natalie Fousekis Caption: Natalie M. Fousekis, director of the Center for Oral and Public History. Photo: Karen Tapia Download Photo

University Initiative: Bringing the Past to Life

NEH Grant Challenges COPH to Grow

Center Must Raise $1.3 Million to Match Grant and Expand Program

The National Endowment for the Humanities has awarded a $425,000 challenge grant to Cal State Fullerton to support the relocation and expansion of the Center for Oral and Public History.

Under the terms of the grant, NEH will contribute $1 for every $3 the university raises for the COPH expansion project over the next three years. The university must raise close to $1.3 million from other sources in order to receive the full $425,000. Plans are to raise a total of $3.5 million for the project.

The NEH grant is “a resounding vote of confidence in the Center for Oral and Public History,” noted National Humanities Medalist and American Academy of Arts and Sciences Fellow Jacquelyn Dowd Hall, former director of the Southern Oral History Program at the University of North Carolina at Chapel Hill.

“COPH already is among the best programs in the nation,” she said. “With this grant, it is poised to make a major leap forward. Once it has secured the archival and learning space it needs, it will be second to none in preserving the priceless stories of the past and pioneering new ways of using these stories in teaching and learning, both within and beyond the university.”

According to Natalie M. Fousekis, COPH director, the larger fundraising campaign already is under way, and with the additional funds, the center would relocate to the sixth floor of Pollak Library and double in size.

The new location will house a student project room for collaborative projects; a climate-controlled room for archival processing; a conference room for workshops and courses, which can double as exhibition space; offices for permanent and project-based staff; and an expanded reading room for students, community members and scholars.

COPH has undergone a transformation in the past decade, raising more than $800,000 in private support and grants, and another $150,000 in public grants and contracts for its exhibitions, public programs and oral history projects. In 2007, it added its first full-time archivist to serve the center’s growing collections and projects.

Since 2002, the center’s oral history courses have added more than 250 interviews on war and society, Cold War California, the European experience during World War II and grassroots politics. In 2007, COPH embarked on an ambitious project supported by the Orange County Great Park Corporation — the El Toro Marine Corps Air Station Oral History Project.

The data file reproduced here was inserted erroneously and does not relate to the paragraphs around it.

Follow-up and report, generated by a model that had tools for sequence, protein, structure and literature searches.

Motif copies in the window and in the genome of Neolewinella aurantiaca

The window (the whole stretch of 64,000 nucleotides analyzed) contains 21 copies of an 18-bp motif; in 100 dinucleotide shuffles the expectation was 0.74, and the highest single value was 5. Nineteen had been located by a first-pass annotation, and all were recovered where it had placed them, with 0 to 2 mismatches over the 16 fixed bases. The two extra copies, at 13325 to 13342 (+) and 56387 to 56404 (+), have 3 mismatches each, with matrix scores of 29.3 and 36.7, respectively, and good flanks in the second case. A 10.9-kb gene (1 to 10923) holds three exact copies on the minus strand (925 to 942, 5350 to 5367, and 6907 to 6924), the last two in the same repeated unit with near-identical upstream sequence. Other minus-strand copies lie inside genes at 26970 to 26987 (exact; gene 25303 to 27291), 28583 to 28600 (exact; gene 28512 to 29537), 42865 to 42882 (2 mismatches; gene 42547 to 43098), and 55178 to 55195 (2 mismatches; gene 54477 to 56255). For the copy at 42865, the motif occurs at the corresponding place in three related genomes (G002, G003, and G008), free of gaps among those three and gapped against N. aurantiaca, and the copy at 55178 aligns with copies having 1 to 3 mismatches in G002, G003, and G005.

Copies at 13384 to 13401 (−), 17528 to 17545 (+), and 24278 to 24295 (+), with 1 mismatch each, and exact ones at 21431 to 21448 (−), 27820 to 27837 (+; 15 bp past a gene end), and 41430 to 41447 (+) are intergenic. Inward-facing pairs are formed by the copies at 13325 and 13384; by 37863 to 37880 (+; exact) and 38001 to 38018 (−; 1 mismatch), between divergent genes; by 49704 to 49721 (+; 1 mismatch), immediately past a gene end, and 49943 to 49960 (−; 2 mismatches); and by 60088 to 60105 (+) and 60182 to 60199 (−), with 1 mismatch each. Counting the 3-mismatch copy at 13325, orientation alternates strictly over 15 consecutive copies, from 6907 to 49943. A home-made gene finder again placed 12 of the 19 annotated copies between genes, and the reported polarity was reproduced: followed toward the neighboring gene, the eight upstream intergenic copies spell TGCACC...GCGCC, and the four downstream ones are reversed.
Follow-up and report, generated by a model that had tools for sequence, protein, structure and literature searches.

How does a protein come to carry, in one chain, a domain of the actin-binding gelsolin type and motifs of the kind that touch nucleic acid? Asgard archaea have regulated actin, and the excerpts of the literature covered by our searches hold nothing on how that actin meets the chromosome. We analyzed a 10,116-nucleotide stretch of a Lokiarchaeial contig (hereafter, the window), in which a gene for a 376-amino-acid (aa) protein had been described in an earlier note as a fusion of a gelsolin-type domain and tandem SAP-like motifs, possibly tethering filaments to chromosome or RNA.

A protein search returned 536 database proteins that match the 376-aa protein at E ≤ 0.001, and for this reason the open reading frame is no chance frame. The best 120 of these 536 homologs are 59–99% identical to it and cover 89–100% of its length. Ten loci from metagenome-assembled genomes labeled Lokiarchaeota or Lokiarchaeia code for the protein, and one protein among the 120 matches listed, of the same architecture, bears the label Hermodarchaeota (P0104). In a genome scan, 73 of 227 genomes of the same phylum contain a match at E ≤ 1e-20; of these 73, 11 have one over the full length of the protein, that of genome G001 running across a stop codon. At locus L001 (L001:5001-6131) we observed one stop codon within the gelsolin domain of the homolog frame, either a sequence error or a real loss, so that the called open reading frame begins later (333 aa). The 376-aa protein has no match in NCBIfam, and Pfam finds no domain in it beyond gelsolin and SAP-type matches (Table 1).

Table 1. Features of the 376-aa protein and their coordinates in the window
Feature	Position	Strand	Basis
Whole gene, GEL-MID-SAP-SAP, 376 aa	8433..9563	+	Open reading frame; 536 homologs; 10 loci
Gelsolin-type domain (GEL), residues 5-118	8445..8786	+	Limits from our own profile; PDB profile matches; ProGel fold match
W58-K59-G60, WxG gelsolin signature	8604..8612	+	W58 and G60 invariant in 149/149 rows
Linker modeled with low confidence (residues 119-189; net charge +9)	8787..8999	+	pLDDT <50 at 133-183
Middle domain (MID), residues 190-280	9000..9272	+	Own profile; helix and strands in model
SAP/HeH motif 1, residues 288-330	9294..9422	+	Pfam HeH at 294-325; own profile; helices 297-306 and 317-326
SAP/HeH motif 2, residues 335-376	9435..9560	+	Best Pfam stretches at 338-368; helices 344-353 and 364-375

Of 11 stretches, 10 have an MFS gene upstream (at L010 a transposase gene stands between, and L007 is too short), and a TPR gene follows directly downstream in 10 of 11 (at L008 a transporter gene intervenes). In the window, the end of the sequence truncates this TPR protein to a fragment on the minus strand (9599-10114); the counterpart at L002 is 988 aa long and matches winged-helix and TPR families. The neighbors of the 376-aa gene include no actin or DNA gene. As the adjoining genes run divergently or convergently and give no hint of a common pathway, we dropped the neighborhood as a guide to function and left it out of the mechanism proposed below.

Today’s 5,600-sqaure-foot center is inadequate for the growing collection, Fousekis said.

“Our location limits our collection and preservation efforts and is a poor space to house project staff, interns, volunteers and the rapidly expanding body of students taking courses and serving as researchers and curators on our projects,” she said. “Moving COPH to the new space will allow the center to better carry out its humanities-based mission of collecting the important, individual stories of Southern California, educating its students in oral and public history and bringing these regional, national and global stories to the public.”

Fousekis said the center’s collection stands out nationally for its grassroots nature and the wide range of communities represented. Among the histories preserved in its collection are interviews with Japanese Americans interned during World War II, the first woman general in the Marine Corps, men and women who survived the Holocaust and the childhood friends and mentors of President Richard Nixon.

The new 10,709-square-foot space, Fousekis said, will allow the center to better execute its mission to:

  • collect and preserve the stories of distinctive individuals and diverse communities whose historical experience have shaped the collective memory of Southern California, defined national and transnational identities, and reflect life in an era of globalization;
  • train CSUF students in the methods of collecting oral histories, interpreting histories and presenting them as well as other important regional, national and global stories to the public; and
  • initiate and collaborate on public history projects, particularly those designed to share oral histories with public audiences in Southern California and beyond.

Established in 1968 as the Oral History Program, the Center for Oral and Public History maintains more than 5,000 recorded interviews, as well as transcripts, photographs, documents and related materials. It is part of the College of Humanities and Social Sciences’ History Department.

The COPH oral history collection, she added “provides an important and unique window into American history and politics, as well as the relationship between diverse local communities and the wider world.”

“It tells the story of early Orange County and Southern California — a time before freeways, suburban sprawl and Disneyland. It also tells the stories of a region that is home to a rich, international community of immigrants from Latin America, Asia, Africa, the Middle East and Europe. The interviews share memories of the region’s powerful political figures, such as Richard Nixon, and the not-so-well-known Japanese American, Hispanic and white agricultural workers. There is no other collection of so many memories of Southern California in existence.”

Media Contacts:
Natalie M. Fousekis, History, 657-278-2763 or
Mimi Ko Cruz, Public Affairs, 657-278-7586 or

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